Defined Benefit Plans’ Actuarial Equivalence Under Attack: Reasonable Becomes Unreasonable (Opinion)
Recent class action lawsuits targeting the reasonability of actuarial equivalence factors used in defined benefit plans have been making news and causing the retirement community to wonder if defined benefit plans, once again, will be exposed to scrutiny and possibly forced to make changes that will be burdensome to plan sponsors and result in increased liabilities.
Defined benefit pension plans are required to define “actuarial equivalence” factors that are used to convert the plan’s normal form of benefit to other forms of benefit payment. The law indicates that these factors in the plan must be “reasonable”, but it does not define what constitutes “reasonable”. In my opinion, lawmakers put the “reasonable” requirement in place to avoid a plan having factors that are defined arbitrarily (not based on actuarially sound principals), or having factors that are specifically advantageous to a key owner, or other such abusive methodology.
These lawsuits are claiming the plan’s actuarial equivalence factors are not reasonable because the factors haven’t been adjusted to keep pace with the life expectancy or interest rate trends, or a combination thereof.
By law, accrued benefits under a defined benefit pension plan cannot decrease. Also in compliance with the law, benefits are permitted to be frozen, never to increase. The law does not require plans to grant cost of living increases on benefits, although some plans provide cost of living increases specifically written into the provisions of the plan. I don’t agree that increased life expectancy should be treated any differently than an increase in the cost of living, and plans should not be required to adjust benefits accordingly. Also, in a plan where benefits have been frozen, they should not be forced to increase benefits due to a change in actuarial equivalence definition. Furthermore, by the rationale of these lawsuits, if the trend of life expectancy were to turn the other direction and start declining, the adjustment to “reasonable” mortality rates could result in lower benefits. I’m guessing this is not the desired intent, and if that happened, there would likely be a new set of class action lawsuits. Finally, if plans were required to change their actuarial equivalence, there could be unintended consequences on the plan’s nondiscrimination compliance.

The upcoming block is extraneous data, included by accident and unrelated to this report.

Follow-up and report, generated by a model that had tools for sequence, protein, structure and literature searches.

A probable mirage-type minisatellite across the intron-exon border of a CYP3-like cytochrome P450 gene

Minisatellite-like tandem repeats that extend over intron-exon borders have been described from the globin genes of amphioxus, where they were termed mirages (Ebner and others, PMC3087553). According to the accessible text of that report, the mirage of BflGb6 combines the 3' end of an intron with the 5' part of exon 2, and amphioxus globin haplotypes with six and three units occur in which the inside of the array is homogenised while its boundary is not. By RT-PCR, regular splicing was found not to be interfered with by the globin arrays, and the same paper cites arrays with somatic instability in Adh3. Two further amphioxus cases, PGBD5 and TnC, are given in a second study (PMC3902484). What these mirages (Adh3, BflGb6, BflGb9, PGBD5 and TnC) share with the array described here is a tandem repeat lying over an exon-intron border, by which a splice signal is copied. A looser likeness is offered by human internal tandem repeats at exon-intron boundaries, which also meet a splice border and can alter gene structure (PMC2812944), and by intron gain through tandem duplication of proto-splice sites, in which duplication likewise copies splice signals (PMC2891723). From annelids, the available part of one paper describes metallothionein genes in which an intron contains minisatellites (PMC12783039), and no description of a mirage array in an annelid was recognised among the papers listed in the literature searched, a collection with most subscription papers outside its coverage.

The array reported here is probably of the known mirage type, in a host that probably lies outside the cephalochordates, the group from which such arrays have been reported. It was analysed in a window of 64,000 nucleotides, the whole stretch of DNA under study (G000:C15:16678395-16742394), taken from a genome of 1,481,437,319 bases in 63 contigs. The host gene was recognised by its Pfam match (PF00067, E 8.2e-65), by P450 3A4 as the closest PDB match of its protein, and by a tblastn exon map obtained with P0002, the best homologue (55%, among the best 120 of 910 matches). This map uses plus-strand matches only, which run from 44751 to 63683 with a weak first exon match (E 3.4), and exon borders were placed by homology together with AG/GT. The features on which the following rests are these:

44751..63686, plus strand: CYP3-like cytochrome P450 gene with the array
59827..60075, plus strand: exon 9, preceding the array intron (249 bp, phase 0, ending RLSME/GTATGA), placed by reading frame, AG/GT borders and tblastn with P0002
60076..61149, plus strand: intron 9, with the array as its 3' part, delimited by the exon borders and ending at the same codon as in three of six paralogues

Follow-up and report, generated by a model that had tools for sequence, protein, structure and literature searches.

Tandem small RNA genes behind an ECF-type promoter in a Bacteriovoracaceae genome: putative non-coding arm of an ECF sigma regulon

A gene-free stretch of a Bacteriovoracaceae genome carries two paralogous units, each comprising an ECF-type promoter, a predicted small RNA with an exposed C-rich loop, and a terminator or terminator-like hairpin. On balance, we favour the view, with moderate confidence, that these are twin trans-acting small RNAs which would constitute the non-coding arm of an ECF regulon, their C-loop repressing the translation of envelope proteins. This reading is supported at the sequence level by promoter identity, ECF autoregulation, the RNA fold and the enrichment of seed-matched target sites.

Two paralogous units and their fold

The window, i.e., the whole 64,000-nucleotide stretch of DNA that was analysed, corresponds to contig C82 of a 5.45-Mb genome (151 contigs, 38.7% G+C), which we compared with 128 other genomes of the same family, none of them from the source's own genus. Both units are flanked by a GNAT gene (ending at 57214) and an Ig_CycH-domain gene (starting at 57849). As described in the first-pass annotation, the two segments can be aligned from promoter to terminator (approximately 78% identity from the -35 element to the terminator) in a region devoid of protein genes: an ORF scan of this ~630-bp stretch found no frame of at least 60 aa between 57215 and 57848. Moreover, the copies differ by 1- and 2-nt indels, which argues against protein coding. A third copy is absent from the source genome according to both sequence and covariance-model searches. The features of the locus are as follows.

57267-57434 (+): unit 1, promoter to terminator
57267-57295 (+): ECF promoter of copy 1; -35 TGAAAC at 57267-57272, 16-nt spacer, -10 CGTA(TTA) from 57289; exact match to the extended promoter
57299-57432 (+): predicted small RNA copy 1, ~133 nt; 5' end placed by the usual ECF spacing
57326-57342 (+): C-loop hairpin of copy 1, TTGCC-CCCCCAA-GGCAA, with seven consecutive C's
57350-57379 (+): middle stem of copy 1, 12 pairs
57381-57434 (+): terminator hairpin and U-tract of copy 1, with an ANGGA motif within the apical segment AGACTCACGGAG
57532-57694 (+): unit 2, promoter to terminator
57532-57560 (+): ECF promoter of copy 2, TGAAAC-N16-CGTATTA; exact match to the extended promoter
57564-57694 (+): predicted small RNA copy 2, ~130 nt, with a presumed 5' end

These lawsuits are questioning actuarial equivalence assumptions with regard to retirees who have already begun receiving benefit payments; thus they are questioning the rates applicable to benefits earned in the past. To go back historically and determine what actuarial equivalence mortality and interest rates should have been used (i.e. considered reasonable) over the history of the plan would be both administratively costly and nearly impossible. And how would we approach the timing of “reasonable” – annually reasonable, monthly reasonable, daily reasonable? Because there is not and never has been language in the law to require periodic adjustment to these factors, to bring that burden on now to pension plans that have been around for many years is unreasonable. Let me define unreasonable: Employers have provided pension benefits to their employees, not because they were required by law, but because they were being generous or they negotiated it with employees. The plans they set up were done so in compliance with the law. To argue that the law should change now (or be defined more narrowly) to increase benefits that were provided by the generosity of an employer and earned in the past, is unreasonable.
Blog authored by Cheryl Gabriel, CPC.
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